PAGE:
Joan Baixas and Paca Rodrigo, Terra Prenyada

Review in Issue 14-4 | Winter 2002

How could a show ‘born out of the Australian deserts and mud planes of Russia’ convincingly migrate to the bland interior of a University theatre on a chilly Saturday night? Answer: enthrallingly so.

Catalan artist Joan Baixas is a collector of earth, a creator of images and an engaging storyteller. In Terra Prenyada (‘Pregnant Earth’) Joan casually enters the sawdust-sprinkled stage to explain that we will not see a puppet show, but the experience will be a view into the workshop of someone who loves to paint. Joan paints with mud. He prepares his surface: a translucent screen, which is hoisted and stretched centre stage like a diaphragm onto which his mud-drawn images can breathe.

Behind the screen, Joan creates, in large-scale doodling manner, faces, characters, plants, expressions of mood and being painted and scraped in fluid mud and illuminated by projected light. He is a conjurer, an alchemist, an artist, a down to earth man, who in a relaxed manner tells us a story and then, through mud, gives expression to it. He tells the story of mud made from the ashes of burned books from a Sarajevo library. Once in his cauldron, the former printed words transformed into new visual poetry.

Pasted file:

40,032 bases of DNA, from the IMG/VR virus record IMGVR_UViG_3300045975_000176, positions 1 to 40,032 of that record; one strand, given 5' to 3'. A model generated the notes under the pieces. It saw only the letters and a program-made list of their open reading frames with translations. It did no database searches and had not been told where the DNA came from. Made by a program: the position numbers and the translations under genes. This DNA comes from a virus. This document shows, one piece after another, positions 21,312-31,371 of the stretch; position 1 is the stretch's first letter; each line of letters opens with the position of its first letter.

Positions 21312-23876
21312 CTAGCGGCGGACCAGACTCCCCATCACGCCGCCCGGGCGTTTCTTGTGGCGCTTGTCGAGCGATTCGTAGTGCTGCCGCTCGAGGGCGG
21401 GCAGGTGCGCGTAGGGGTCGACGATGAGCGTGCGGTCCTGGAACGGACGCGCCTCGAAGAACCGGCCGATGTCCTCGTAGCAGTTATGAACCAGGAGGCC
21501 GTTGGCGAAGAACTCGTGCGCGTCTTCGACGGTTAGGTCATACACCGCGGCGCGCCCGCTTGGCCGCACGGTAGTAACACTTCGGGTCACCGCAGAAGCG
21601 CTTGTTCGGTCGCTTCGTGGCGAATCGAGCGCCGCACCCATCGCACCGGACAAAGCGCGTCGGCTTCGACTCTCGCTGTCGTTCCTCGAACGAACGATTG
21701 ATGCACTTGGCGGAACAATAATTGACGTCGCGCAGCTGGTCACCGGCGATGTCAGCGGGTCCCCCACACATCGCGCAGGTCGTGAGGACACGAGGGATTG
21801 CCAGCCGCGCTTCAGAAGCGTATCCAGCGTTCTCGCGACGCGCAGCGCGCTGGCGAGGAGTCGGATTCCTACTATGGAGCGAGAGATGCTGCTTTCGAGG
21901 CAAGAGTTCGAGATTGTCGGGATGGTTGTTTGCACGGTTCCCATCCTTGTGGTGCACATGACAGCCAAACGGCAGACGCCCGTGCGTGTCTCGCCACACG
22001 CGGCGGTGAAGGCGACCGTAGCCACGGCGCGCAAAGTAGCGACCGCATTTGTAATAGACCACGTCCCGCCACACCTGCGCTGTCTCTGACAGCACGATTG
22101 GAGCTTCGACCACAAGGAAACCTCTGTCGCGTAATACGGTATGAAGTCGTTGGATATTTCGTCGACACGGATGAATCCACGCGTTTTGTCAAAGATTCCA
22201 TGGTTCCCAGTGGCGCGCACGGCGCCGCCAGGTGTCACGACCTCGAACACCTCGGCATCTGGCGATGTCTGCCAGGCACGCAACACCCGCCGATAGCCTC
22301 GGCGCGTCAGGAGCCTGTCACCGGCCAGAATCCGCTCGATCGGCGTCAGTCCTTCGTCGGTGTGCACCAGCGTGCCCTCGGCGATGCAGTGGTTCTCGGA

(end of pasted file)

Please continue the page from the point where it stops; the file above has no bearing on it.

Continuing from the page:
Black and white photographic projections are used to stunning effect. Joan holds into the dark an A4 sheet of paper on which he momentarily captures projected images of children’s faces, like a net catching precious butterflies. Then the paper is crumpled and thrown away.

Terra Prenyada is accompanied live by musician and singer Paca Rodrigo, who weaves her voice and music into Joan’s paintings, giving yet another dimension to the already full experience.

Terra Prenyada is a unique and highly pleasurable show, not without humour. Joan concludes the evening, wiping his hands and telling us with a smile that they pride themselves on being the dirtiest show in the world. We laughed and left enraptured.

Presenting Artists
Presenting Festival
Presenting Venue
Date Seen
  1. Oct 2002

This article in the magazine

Issue 14-4
p. 24